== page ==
The hourly billing rates for Adobe's attorneys who worked on the fees motion range from $747 to $967.50 for partners and $499 to $765 for associates. In support of Weil's billing rates, Adobe submits an excerpt from the 2013 American Intellectual Property Law Association (AIPLA) report of the Economic Survey, showing that third quartile rates in San Francisco in 2012 were $825 for partners and $576 for associates. Acknowledging that its numbers are above the AIPLA third quartile rates, Adobe argues that these numbers are outdated and that rates have increased since that time.

Adobe also cites recent case law from this district where, it contends, courts have awarded fees "in line" with Weil's rates; however, only one of these cases actually involved rates as high as those of Weil. See Banas v. Volcano Corp., 2014 WL 7051682, at *5 (N.D. Cal.)(finding rates ranging from $355 to $1, 095 per hour for partners and associates were within the prevailing rates). In the rest of the cases, the rates upheld are consistent with the AIPLA third quartile rates. See, e.g., Kilopass Tech., Inc. v. Sidense Corp., 2015 WL 1065883, at *11 (N.D. Cal.)(finding rates as high as $830 in line with prevailing rates in that community). The AIPLA figures and bulk of the case law fail to support Adobe's contention that Weil's rates are in line with the prevailing market rates in the district. Consequently, a fee reduction is warranted to bring the rates in line with prevailing market rates. Because a fee cap was in place in trial, this reduction is only required for the fees incurred in bringing the fees motion.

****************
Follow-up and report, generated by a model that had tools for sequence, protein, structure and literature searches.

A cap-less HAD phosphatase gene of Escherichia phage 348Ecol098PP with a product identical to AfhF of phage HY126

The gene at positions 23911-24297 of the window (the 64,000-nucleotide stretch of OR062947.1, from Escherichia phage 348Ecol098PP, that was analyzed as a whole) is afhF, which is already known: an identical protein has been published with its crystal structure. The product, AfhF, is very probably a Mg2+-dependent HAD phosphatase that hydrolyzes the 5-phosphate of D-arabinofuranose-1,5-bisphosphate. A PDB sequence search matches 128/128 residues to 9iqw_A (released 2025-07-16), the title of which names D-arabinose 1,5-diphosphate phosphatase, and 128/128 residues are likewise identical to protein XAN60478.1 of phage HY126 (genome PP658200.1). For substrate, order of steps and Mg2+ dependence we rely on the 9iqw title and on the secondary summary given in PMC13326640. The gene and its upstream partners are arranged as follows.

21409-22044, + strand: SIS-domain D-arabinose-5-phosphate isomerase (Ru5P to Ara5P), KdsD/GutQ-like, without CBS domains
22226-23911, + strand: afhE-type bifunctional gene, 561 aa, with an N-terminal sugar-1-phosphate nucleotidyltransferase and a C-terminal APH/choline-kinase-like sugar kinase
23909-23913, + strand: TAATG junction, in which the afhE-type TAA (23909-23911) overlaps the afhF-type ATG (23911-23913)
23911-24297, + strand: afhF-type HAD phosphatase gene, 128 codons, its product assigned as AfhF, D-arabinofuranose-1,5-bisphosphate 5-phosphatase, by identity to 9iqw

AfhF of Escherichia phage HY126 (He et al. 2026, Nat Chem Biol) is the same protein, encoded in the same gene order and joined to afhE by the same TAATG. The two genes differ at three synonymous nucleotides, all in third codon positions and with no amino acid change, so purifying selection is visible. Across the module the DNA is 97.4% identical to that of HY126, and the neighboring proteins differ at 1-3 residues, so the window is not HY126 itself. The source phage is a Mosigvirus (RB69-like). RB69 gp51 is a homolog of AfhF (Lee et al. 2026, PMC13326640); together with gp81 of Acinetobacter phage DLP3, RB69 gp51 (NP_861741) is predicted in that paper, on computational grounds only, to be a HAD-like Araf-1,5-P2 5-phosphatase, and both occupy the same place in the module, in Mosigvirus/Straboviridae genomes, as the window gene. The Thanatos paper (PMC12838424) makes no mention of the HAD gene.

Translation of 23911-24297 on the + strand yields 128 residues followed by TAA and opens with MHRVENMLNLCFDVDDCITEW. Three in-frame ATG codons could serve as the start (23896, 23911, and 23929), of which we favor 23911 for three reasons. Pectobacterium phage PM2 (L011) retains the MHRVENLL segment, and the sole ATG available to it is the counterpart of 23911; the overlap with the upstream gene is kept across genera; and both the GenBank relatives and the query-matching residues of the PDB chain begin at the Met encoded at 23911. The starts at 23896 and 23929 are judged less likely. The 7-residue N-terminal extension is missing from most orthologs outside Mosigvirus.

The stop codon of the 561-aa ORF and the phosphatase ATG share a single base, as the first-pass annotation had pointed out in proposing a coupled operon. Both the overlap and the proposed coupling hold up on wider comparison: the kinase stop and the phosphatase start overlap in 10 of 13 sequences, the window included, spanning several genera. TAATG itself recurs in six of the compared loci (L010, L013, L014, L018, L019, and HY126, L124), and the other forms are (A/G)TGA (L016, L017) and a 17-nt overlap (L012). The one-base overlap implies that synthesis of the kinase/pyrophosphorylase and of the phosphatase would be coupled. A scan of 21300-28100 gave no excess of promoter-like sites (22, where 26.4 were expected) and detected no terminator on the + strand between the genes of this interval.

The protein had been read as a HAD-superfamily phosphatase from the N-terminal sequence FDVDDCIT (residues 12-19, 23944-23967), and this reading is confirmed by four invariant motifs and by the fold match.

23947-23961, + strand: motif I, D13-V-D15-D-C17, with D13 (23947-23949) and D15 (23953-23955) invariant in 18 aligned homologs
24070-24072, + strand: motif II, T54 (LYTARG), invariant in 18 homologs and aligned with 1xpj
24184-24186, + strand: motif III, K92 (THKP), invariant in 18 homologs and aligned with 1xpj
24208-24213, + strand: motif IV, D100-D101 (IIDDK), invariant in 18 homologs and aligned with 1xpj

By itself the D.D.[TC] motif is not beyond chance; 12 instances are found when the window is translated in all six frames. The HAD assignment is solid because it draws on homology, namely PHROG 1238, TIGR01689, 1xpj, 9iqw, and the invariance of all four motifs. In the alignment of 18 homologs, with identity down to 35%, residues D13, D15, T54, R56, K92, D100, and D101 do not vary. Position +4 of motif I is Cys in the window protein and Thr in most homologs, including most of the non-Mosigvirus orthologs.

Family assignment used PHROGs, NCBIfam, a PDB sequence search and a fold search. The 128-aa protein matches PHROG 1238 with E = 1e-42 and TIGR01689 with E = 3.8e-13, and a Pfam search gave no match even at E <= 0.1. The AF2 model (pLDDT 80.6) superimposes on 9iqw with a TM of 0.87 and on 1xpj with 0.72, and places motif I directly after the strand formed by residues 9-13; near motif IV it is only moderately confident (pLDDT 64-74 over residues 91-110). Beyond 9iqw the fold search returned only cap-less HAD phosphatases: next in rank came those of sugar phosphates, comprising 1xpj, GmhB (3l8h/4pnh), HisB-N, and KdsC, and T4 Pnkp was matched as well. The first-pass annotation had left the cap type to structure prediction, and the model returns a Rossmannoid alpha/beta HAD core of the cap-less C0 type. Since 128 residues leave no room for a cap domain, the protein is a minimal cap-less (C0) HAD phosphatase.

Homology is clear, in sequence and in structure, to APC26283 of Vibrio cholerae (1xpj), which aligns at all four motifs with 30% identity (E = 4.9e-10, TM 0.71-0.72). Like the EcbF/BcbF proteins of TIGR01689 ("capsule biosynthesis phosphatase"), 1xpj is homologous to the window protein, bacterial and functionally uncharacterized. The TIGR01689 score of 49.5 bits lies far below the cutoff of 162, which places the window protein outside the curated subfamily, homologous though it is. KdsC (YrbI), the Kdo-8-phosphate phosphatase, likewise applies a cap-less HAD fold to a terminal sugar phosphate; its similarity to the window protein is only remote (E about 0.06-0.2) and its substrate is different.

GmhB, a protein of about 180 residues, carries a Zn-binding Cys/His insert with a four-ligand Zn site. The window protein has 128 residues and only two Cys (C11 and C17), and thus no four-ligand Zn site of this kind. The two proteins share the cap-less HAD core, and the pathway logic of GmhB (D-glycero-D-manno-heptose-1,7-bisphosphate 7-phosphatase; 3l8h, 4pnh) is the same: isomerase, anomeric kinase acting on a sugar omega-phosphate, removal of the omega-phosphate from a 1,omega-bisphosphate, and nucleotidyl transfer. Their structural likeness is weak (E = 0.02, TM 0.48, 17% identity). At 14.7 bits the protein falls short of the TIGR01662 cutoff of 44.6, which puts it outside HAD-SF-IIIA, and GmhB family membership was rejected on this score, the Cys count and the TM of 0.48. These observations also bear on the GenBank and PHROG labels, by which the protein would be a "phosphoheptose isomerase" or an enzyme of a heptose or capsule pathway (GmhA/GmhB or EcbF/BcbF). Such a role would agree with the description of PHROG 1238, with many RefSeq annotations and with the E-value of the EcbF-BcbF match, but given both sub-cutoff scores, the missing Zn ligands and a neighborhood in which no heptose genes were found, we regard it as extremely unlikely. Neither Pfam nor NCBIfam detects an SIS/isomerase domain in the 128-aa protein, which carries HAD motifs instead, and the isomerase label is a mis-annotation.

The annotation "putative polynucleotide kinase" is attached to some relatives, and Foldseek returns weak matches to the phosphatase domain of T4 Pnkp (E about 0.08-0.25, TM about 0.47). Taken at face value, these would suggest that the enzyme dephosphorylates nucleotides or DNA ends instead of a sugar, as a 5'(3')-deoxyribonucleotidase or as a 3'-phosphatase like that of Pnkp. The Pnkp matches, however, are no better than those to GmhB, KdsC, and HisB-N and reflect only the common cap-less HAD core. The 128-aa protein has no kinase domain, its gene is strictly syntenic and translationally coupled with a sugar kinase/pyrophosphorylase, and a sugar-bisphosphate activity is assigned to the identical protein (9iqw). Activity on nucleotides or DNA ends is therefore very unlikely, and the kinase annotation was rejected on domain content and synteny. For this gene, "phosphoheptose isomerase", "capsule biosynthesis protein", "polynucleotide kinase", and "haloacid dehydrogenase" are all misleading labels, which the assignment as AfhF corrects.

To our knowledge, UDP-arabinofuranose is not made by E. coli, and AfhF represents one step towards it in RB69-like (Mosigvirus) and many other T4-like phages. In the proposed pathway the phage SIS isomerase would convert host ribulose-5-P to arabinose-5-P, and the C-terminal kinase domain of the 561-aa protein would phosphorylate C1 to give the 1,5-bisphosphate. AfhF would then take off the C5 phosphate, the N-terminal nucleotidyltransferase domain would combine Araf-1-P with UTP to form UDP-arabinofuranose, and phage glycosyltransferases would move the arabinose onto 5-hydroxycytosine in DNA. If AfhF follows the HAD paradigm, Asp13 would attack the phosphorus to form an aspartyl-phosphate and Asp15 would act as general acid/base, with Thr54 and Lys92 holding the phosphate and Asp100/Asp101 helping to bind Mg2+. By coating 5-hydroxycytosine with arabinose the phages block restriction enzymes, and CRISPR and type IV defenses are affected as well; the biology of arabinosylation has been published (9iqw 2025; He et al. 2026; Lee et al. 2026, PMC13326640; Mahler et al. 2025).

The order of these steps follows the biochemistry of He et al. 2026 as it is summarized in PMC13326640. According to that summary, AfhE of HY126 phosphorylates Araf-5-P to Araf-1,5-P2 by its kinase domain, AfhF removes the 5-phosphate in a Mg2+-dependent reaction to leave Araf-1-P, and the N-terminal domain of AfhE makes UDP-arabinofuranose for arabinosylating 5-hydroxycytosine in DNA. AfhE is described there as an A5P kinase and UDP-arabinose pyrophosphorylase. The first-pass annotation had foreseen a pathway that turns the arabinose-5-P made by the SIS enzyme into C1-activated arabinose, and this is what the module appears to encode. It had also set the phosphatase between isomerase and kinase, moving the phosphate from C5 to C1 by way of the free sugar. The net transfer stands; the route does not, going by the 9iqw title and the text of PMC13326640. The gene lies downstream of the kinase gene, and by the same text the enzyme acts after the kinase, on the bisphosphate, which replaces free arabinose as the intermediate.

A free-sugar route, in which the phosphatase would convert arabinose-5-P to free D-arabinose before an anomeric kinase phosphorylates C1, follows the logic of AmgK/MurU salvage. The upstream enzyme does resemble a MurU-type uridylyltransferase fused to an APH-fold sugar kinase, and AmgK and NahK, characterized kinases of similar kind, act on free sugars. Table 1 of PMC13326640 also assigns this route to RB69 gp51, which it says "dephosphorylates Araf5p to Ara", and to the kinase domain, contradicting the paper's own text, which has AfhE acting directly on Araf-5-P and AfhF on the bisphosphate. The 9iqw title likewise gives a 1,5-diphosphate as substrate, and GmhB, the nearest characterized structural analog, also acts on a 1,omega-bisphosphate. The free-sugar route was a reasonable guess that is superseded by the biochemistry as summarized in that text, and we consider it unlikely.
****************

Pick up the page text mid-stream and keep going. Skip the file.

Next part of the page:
C. Fees Related to Bill of Costs

Finally, Digital Reg objects to Adobe's inclusion of 0.6 hours of work performed by Ms. Mehta conferring with Adobe regarding costs. Adobe is not entitled to recover any fees associated with its bill of costs.

To account for Adobe's high billing rates and inclusion of work performed on its bill of costs, the Court reduces Adobe's requested fee amount by ten percent. Therefore, the Court awards Adobe $37, 903.55 in fees incurred in bringing the attorneys' fees motion.


Accordingly, Adobe's motion for attorneys' fees (Docket No.794) is GRANTED IN PART and DENIED IN PART. Adobe is awarded $77, 581.95 in fees.